From the archives...
The following discussion was originally posted on the (now discontinued) LOE Forum.
In the word example, X is pronounced /gz/ rather than /ks/.
How can we show the difference in marking words? And is there any rules when to pronounce /gz/?
- C (an English learner, trying to be an EFL teacher)
I am not sure if I say /gz/. However, notice that /g/ and /k/ are a voice and unvoiced pair. Probably it tends to a voiced sound when it is before a voiced sound.
Thank you :)
Do you pronounce X in execute, execution and executant, executive, executor in the same way, always pronouncing /ks/?
Sorry to repeat the question but I would like to know for sure if I can teach the sound of X in these words in the same way.
For me it seems that when ex is followed by a syllable that begins with an accented vowel, the X is pronounced /gz/.
I say /ks/ in all of these. - Denise
OK. Thank you very much. - C
Just to add a perspective from a different regional dialect - I say /ks/ on some of these and /gz/ on others - and as you said, it is when followed by an accented vowel that I tend to say /gz/. When the sound is followed by a stressed vowel, there is a tendency to say the voiced sounds /g/ and /z/ instead of /ks/ - it is easier.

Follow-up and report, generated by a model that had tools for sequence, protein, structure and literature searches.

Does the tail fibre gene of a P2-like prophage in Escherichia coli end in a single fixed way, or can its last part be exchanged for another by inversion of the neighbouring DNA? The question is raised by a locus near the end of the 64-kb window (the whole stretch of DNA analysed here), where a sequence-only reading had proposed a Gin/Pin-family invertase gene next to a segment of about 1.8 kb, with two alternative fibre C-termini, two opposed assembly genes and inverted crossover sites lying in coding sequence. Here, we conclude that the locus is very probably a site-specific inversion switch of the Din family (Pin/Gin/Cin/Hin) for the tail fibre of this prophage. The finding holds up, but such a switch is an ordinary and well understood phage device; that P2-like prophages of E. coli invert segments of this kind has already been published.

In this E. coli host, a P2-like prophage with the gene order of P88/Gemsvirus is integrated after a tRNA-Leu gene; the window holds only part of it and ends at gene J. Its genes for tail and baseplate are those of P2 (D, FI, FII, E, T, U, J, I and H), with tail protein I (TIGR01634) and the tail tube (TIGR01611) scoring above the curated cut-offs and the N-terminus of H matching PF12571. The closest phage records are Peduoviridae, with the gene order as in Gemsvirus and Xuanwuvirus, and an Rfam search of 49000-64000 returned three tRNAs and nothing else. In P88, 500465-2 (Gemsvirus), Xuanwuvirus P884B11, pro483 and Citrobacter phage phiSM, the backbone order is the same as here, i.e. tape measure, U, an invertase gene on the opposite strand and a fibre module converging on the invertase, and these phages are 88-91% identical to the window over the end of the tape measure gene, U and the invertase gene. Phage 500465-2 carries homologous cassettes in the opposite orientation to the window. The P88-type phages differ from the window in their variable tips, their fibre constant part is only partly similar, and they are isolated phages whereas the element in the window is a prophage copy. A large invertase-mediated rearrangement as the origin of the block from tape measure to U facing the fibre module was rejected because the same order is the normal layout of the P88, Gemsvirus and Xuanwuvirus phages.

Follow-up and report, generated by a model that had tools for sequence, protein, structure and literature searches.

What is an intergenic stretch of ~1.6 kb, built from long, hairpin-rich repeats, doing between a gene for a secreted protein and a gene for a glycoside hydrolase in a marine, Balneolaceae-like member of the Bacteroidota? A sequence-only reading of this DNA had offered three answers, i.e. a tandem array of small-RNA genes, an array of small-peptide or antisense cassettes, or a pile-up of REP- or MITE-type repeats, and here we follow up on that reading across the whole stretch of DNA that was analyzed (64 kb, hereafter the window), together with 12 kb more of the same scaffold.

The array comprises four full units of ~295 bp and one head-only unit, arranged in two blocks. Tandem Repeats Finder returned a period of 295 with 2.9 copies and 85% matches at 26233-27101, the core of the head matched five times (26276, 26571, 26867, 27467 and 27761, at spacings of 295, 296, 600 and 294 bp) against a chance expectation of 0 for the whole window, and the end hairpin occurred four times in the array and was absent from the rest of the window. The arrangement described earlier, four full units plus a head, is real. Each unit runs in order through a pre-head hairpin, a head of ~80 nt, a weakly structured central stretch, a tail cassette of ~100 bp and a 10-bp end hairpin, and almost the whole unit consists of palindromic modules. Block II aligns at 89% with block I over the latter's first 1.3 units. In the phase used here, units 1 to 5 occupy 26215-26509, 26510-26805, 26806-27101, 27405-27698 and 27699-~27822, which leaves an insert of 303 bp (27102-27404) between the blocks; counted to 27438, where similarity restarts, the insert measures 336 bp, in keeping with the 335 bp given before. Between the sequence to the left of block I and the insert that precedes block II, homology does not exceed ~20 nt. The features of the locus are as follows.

However, I think you can teach the sound of X as /ks/. Then, when there is a word in which many people say it closer to /gz/, discuss this and have students feel the similarities and differences between the sounds. Students with a very precise ear or strong interest in linguistics may find it interesting to note the subtle difference that often occurs, and may find it happening in their own speech naturally in order to make the words easier to pronounce, but /ks/ is not incorrect.
Thank you so much for the clear explanation.
Since we learn English as a foreign language, we tend to rely heavily on pronunciation guides in the dictionaries.
When the LOE tells us how to pronounce a word differently from the dictionaries, I would like to know what is happening.
You helped me a lot. - C